On a cold Monday morning on January 4, 2016 at 11 o’ clock AM, the Commonwealth of Kentucky swore in her newly elected constitutional officers to a full Capitol Rotunda of elected officials and family members, special guests, and citizens from all over the bluegrass. Every four years the commonwealth witnesses a peaceful transition of power free of conflict and battle, save negative ads on TV during the campaign. Entering into the Capitol building at 10, it was dreary, overcast, and cold.
Governor and Lt. Governor Matt Bevin and Jenean Hampton were joint emcees to the ceremony, with prepared remarks at the beginning of the program. “I look forward to serving with you. At the end of the day, we serve KY.” said Gov. Bevin. His remarks were free of political rhetoric and sought to instruct those being sworn in to put politics aside and work to serve the people of the Commonwealth. Possibly hearkening back to the days of the Fletcher Administration, Bevin also said that as Kentuckians we are to let our light shine in service.
Dr. Everett McCorvey, professor of voice at the University of Kentucky, sang a rendition of “This Little Light of Mine” before the proceedings began. Which raises the question:
Will conservative values shine bright once again in our Kentucky home? Will these principles see the light of day in the next four years?
As officials were sworn in, some on family Bibles, some not, each made remarks.
Alison Lundergan Grimes, said that in her next four years as Secretary of State she will seek to further move the office into the 21st century with electronic voter registration, and reinstating non-violent felons’ right to vote, either by executive order or by legislation. Lundergan-Grimes may have been pushing the new Governor to consider an executive order to mend this civil rights issue. Gov. Bevin has stated publicly that this issue should be solved in the legislature. However, in her speech she made sure to pay tribute to the late Carol Palmore, a well known and established Democrat, and her personal mentor Sen. Julian Carrol (D-Frankfort). Quoting former Gov. Carrol, “government is about compromise”. One has to consider how going back to the past will propel our state forward.
Andy Beshear, in his remarks said that his next four years will seek to be, “the Peoples Lawyer” who’s mission is to be the chief advocate for the Kentucky Family. Fighting to see that no child or senior be abused or neglected, to see that victims of rape receive justice, and to work toward solutions to Kentucky’s drug epidemic. Striking an almost trial lawyer tone in his remarks, one can’t help but to consider how Kentucky’s Chief Advocate could also fight for Kentucky’s families by working with a governor to stop Obamacare and the Kynect program which will collapse under it’s own weight, the EPA’s war on coal and the jobs coal mining provides, not to mention the economies that are driven by coal. Could there be more than one way to fight for Kentucky’s Families?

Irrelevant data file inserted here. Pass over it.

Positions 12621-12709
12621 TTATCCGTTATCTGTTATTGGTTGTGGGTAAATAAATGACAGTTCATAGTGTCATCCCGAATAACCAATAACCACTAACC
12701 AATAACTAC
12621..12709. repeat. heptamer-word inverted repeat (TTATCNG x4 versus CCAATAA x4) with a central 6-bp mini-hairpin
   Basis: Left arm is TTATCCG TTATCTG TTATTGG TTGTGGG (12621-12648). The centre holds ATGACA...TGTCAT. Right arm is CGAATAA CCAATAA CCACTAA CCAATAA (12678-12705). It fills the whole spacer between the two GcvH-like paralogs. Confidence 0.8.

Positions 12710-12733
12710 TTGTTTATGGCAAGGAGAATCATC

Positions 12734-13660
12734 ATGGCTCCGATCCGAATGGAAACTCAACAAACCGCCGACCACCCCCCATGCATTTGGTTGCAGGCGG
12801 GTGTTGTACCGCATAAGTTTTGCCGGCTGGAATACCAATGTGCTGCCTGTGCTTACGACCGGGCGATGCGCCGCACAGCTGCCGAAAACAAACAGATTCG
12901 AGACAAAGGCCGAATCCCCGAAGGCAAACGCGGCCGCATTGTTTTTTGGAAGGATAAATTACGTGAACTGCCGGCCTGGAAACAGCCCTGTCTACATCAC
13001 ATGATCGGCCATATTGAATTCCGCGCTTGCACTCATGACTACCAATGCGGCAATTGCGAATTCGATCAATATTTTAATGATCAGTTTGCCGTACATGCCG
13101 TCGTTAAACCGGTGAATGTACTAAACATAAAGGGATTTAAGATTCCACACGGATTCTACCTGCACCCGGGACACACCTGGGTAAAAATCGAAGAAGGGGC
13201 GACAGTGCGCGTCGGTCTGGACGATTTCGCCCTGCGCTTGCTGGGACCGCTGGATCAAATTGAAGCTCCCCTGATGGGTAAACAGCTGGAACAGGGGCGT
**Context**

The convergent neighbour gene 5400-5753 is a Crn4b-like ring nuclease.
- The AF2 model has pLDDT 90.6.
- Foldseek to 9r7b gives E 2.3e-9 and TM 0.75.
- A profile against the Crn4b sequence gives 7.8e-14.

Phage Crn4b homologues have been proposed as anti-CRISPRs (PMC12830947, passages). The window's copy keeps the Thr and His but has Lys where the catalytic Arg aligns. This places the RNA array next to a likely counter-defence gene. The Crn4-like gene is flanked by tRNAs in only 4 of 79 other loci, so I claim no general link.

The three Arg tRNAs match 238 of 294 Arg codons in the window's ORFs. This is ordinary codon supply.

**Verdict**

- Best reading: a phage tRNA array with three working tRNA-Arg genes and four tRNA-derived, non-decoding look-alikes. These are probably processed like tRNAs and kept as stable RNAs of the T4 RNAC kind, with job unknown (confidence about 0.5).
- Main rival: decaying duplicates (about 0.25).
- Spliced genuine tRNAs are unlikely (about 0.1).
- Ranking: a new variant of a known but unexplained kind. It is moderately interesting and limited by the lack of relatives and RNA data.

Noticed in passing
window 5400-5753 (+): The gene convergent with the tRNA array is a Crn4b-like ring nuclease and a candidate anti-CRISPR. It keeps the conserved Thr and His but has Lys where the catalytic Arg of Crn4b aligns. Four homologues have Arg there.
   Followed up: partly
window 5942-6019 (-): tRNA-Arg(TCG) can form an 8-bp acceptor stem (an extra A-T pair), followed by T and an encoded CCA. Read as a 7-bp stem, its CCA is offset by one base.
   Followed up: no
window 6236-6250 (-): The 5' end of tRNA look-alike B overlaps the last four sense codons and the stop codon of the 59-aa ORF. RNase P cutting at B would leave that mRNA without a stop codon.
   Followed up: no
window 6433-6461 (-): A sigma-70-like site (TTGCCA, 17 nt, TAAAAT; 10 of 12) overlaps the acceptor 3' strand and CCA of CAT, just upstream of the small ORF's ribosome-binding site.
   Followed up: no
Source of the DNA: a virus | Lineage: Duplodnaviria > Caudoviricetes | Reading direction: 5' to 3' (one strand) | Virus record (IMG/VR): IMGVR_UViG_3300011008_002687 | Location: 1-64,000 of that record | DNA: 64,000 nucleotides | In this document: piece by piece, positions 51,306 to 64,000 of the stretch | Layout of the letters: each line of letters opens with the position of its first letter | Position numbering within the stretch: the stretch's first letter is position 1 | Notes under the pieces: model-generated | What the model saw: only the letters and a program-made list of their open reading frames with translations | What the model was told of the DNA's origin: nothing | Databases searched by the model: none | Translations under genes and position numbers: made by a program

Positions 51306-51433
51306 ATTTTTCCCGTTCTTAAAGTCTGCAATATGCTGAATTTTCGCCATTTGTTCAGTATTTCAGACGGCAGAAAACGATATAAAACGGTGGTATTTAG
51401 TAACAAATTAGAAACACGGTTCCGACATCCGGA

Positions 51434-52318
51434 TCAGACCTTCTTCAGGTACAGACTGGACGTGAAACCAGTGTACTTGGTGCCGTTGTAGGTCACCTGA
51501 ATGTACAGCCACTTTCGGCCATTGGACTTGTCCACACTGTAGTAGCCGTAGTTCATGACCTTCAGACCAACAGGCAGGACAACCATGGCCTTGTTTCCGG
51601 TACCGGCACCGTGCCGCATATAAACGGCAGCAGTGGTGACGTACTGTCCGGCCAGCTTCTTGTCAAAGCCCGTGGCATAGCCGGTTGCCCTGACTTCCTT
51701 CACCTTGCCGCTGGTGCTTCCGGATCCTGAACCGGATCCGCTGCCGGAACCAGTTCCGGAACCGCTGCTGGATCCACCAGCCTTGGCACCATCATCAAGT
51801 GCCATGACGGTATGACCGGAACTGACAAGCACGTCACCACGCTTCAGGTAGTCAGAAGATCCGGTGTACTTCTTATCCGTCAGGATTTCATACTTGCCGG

Mike Harmon, in his remarks simply thanked his family, his wife, and his Lord and Savior Jesus Christ for the support and love during the campaign, and quoted his father, who said, “that we must all take responsibility for our actions and not give up.” Could Auditor Harmon be indicating future discovery of malfeasance in our state and that he will make sure that people will take responsibility?
Finally, Ryan Quarles, the youngest elected statewide official in the country, spoke of his pleasure and honor to serve the commonwealth and that his task was before him a daunting one. As a farmer himself, he made sure that the audience knew this job was personal to him. He thanked God for being his compass and for the support of his family. Of his office, he wants to work to make the Agriculture Commissioner even more accountable, transparent, and innovative in Kentucky, things which, “will make Kentucky Proud”.
It seems that the stage is set for the next four years in Kentucky. In the next four years, will we see our pension system fixed for good, right to work a reality, charter schools a component of our education system, a budget based on sound accounting principles, and our state’s medicaid system redesigned for the good of our poorest citizens? It seems that we have a good team of people ready to work on these issues.
In a ceremony bookended by song, Dr. Everett McCorvey sang “The Impossible Dream” from the musical Man of La Mancha. It’s lyrics melodic and catchy, might have sent a mighty message to the commonwealth:
To fight for the right
Without question or pause
To be willing to march into Hell
For a heavenly cause
And I know if I’ll only be true
To this glorious quest
That my heart will lie peaceful and calm
When I’m laid to my rest
And the world will be better for this
That one man, scorned and covered with scars
Still strove with his last ounce of courage
To reach the unreachable star
As I left the Capitol Building in Frankfort, the dark overcast clouds had yielded their space in the sky to make way for the sun to shine bright on the campus of the Capitol complex warming the grounds and the ambient temperature, which had risen slightly this January day. Perhaps, as the sun shone brightly at the conclusion of the ceremony, the commonwealth our conservative philosophy will shine bright in Kentucky once more.